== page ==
This year all five of us were awake and bouncing around for the New Year. There was a fireworks display somewhere nearby during the last minute of the Old Year. As soon as we heard the booming outside, we all grabbed blankets and stood in our front yard to watch the distant display over the trees. Right at midnight, the finale finished up and we ran inside to see The Ball drop. Actually, by that point, the ball had already dropped, so we rewound the TV program (Yay for DVR's!) and watched it again. That's when we realized we weren't watching the New York celebration at all, but the Las Vegas celebration (better music thank Dick Clark) and they didn't even show The Ball dropping at all. EG was very disappointed because she has ALWAYS wanted to SEE The Ball, but now that she was finally able to stay up late enough, she didn't even get to see it. I had to laugh at that a little. I never knew she was really that concerned about it. My kids always manage to surprise me, every day, every minute.
I have come to terms with New Years' Resolutions, or really the LACK of resolutions. They don't work for me or anyone else (as research has shown again, and again.) I think the way I've been doing things for the last year or so is the way I should keep on doing them. Not that I don't want to make improvements in my life, but that I'm not going to try to make big, bold decisions starting on a specific day. I already know what I should be doing and what I need to stop doing. Making a decision to stop or start is no different than any other day in my life. Every day is a chance to do something right or wrong. Every moment we are given a choice. We can always choose the right or wrong thing. We can always change our paths. If I made poor choices all morning, it isn't too late to make a good choice for lunch. Just because I ate ice cream for dinner yesterday, doesn't mean I can't choose a healthier alternative today. And tomorrow. And every day after that. The year doesn't have to start with good choices and end with bad choices just to start the cycle all over again next year.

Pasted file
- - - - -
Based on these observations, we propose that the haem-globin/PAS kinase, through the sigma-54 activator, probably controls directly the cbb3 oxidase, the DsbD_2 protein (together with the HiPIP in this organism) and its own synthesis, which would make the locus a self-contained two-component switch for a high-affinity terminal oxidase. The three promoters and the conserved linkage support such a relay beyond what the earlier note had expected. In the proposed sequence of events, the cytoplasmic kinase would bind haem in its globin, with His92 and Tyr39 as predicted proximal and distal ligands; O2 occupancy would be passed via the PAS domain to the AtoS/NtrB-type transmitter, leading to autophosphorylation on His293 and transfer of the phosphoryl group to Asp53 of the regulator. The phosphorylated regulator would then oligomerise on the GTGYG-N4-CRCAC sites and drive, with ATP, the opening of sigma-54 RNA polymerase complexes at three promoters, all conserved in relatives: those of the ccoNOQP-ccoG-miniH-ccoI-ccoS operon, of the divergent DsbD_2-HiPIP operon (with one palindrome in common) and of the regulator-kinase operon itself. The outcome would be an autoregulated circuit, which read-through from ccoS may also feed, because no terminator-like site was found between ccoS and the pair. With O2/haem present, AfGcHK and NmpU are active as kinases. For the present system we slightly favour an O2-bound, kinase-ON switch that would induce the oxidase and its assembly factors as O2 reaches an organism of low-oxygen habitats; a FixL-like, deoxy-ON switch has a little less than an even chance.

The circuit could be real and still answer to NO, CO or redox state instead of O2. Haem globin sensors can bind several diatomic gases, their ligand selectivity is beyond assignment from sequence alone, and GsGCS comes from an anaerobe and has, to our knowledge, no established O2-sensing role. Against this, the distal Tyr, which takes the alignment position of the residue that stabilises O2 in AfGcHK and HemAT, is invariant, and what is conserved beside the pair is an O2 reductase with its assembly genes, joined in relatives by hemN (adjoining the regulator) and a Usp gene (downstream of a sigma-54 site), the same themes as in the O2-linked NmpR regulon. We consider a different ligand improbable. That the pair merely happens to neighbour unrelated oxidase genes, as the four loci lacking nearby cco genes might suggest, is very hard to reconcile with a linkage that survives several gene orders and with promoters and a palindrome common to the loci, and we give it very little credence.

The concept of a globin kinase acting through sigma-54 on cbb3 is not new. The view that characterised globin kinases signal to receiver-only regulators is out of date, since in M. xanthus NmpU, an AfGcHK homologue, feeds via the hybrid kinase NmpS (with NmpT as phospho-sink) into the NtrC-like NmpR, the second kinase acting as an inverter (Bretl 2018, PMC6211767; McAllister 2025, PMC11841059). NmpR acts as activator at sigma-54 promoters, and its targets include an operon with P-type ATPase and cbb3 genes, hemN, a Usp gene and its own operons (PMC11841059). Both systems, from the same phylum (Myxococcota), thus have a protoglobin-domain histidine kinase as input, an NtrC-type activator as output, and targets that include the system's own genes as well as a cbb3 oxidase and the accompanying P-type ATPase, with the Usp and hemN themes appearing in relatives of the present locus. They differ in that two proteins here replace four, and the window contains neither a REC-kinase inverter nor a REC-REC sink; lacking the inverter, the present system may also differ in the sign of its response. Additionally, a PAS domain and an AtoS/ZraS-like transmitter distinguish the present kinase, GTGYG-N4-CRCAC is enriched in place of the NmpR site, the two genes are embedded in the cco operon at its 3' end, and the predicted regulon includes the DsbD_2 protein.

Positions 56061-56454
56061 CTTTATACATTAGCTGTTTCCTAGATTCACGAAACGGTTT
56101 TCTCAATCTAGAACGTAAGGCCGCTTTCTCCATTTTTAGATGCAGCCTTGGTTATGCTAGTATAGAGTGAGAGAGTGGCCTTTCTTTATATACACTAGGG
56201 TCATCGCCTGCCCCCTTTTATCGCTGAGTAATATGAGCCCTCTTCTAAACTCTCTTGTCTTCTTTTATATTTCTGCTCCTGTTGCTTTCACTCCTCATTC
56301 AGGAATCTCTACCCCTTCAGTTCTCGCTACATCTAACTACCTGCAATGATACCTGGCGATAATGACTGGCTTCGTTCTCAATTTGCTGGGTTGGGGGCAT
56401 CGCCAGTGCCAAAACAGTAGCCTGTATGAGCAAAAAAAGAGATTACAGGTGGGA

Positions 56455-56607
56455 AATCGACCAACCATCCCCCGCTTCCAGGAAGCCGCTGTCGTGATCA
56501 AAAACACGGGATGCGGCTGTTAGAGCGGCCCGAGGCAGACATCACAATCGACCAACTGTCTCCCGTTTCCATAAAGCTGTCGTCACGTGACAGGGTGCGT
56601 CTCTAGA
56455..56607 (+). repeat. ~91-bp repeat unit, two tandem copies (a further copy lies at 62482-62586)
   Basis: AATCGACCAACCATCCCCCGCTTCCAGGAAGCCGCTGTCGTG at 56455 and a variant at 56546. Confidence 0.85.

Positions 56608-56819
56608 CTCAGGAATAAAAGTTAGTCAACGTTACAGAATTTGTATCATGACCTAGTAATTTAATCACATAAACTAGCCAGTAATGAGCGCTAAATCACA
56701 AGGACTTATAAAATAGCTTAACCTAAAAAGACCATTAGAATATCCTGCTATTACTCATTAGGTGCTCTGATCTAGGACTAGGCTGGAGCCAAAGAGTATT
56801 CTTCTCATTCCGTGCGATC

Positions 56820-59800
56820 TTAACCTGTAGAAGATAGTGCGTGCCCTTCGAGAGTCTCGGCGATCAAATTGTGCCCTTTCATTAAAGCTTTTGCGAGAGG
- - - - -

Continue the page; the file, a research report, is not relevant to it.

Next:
Taking one day at a time, I can see where I am and compare it to yesterday, or last week, or last year. I can assess the good and bad use that to make a more informed decision about what choices I should make for myself, my life, and my family.
Last year I weighed the same as I do now. It really sucks that I haven't lost weight, but thank goodness I haven't gained. Actually, over the past year, I HAVE gained, but I managed to lose that much, so I guess it is a net progress there. Over the last year, I have managed to reduce the amount of waste in my family. Financially, we spend less and make better use of what we have as a family. Environmentally, I have learned some great tips and tricks to reuse what I already have instead of throwing away what I don't want and re-purchasing what I think I need. Just in the last few weeks I have re purposed several t-shirts into a kitchen rug, left over yearn scraps into coasters, children's belts into bracelets, and I have several other projects in the works to get more use out of the things I have around the house. Around my house I have been tidying, cleaning, sorting, and organizing the things I have and the things that came with the house. Compared to just three months ago, my house has come a very long way. I have emptied numerous boxes and bins, sorted out cubbies and cabinets, and cleaned and cleaned and cleaned. I still have a long way to go, but I am proud of the progress we have made as a family.
Today is better than yesterday and tomorrow will be better than today. That is good enough for me.
Deb "Doing Better" Lollar